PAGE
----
Avoid 10 Common Debt Reduction Mistakes

If you want to get out of debt (and stay out of debt) pay close attention to the following:

1. Try not to tackle every debt at one time. Focus on a specific debt or debt category, and put all of your energy and extra income towards paying off that particular debt. (Of course, always pay your minimums!) Don’t be a spotlight, be a laser. By focusing on one debt, you will reap the psychological rewards of seeing substantial progress.

2. Do not cancel your credit card if it still has a balance. While I do not use credit cards, I waited until after I was finished paying my balances in full before I canceled my credit card accounts. Why? If you close an account before you pay your balance, you have no leverage with the credit card company. Why should they work with you if you are no longer a customer. Wait until the balance has been paid and then cancel the cards.

3. Do not build your debt reduction plan around unrealistic expectations. If you have never been on a budget, don’t expect to have a “perfect” month right off the bat. Realize that it takes time to change behaviors, attitudes, and habits. Create a realistic plan.

4. Try not to skimp on the emergency fund. I’m a big fan of having a “baby emergency fund” of at least $1000 in my savings account at all times. If you are going to get out of debt, you will be VERY tempted to empty out your cash savings and put every single available penny towards debt reduction. Resist this very powerful (and very real) temptation. Why? Just as soon as you empty that emergency fund for debt reduction, an unexpected expense will arise, and you’ll have to borrow money to pay for it. Instead, use your emergency fund for true emergencies, build it back up, and then continue with your debt reduction. It’s better to miss your goal date by a few months (like I did) than to live life without some emergency cash.

5. Do not listen to a thousand different voices saying a thousand different things about YOUR plan. This one may sound strange coming from a guy who writes about personal finance, but be careful about to whom you listen. The only person who can truly understand you is YOU. I used Dave Ramsey’s Snowball Method, and paid my debts smallest balance to largest balance. Others use a method whereby you pay your debts highest interest to lowest interest. Still others use a combination of the two. Whichever plan you adopt, or if you come up with your own plan, be faithful to yourself. Do what you know you will do! (This is NOT to say that you shouldn’t listen to SOME advice, but be smart about it. Not every personal finance book fits your particular situation. I had a friend who has 100,000 dollars in credit card debt try to tell ME how to manage my finances. I listened to what he had to say, nodded politely, and then changed the subject!)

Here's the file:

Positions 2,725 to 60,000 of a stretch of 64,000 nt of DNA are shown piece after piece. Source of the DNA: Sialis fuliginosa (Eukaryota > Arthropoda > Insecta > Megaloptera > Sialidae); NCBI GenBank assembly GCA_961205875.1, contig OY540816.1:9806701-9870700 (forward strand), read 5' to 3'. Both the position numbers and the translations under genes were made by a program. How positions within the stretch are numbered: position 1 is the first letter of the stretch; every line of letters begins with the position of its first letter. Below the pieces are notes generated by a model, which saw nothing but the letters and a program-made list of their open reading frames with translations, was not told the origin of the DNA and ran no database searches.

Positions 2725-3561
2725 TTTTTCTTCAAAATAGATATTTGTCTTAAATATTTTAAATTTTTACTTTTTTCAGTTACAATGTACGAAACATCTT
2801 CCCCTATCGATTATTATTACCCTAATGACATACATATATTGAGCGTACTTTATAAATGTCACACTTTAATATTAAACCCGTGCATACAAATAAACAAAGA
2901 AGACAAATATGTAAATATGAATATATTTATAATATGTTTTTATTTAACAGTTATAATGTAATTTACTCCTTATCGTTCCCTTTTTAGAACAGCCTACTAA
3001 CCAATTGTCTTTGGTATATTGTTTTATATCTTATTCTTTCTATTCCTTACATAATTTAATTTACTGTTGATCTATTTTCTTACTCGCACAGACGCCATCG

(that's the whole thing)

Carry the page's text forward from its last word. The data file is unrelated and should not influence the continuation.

6. Never allow your credit card company access to your savings or checking account. While I am sure that all credit card companies are honest and above aboard… ahem… I would never allow them to withdraw funds directly from my bank accounts. Instead, use online bill pay provided by your bank or send in a check to pay your bills.

7. Avoid using a second mortgage to consolidate automobile or credit card debt. Before you use any company to consolidate your debt, read the fine print! Personally, I find that most people who move debt from a credit card to a mortgage, without changing their behavior, end up with mortgage debt AND additional credit card debt. Plus, who wants to risk their home for the sake of paying off unsecured credit card debt?

8. Try not to make major purchases while you are getting out of debt. In some cases, making a major purchase in unavoidable. If the washing machine dies, it has to be replaced. But, one of the worst mistakes that you can make is to pay off one or two credit cards, get a little breathing room, and then go buy that television set, new car, or lawnmower that you’ve been wanting. Wait until you are debt free and THEN reward yourself by buying something nice. (I would almost guarantee, however, that once you get out of debt, the LAST thing you will want to do is go out and spend a lot of money. I spend LESS money now that I am debt free than I ever spent when I was in debt!)


9. Don’t argue with your spouse about money. It’s just not worth it. I’m very blessed to have a wife who has been “on board” throughout this whole process. I will confess, however, that we would have been debt free a month or two sooner had she been as crazy dedicated as I was to the plan. Once we created a budget, I never once criticized her for the purchases she made. There were things that she purchased that I would not have purchased, but I was so thankful for her love and support, I kept my mouth shut.

10. Never think that you are stuck with the life that you have right now. I find it amazing the number of people who don’t think they can do anything about their jobs, their health, their finances, or their futures. If you want a better life, you must choose a better life. Read a book. Write a resume. Find a church. Join a support group. Create a plan. If you are frustrated and feel like there is no hope, wake up! You can have an awesome life. Stop feeling sorry for yourself, stop worrying about your past, stop blaming yourself and others, stop making excuses, get up, get out, get going, and get a life! You can ROCK!

NCN

http://www.ncnblog.com

No Credit Needed is a personal finance blog about debt reduction, saving money, and simple living. Thank you for visiting the site and please consider subscribing to No Credit Needed by Email. Have a blessed day!

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32 thoughts on “Avoid 10 Common Debt Reduction Mistakes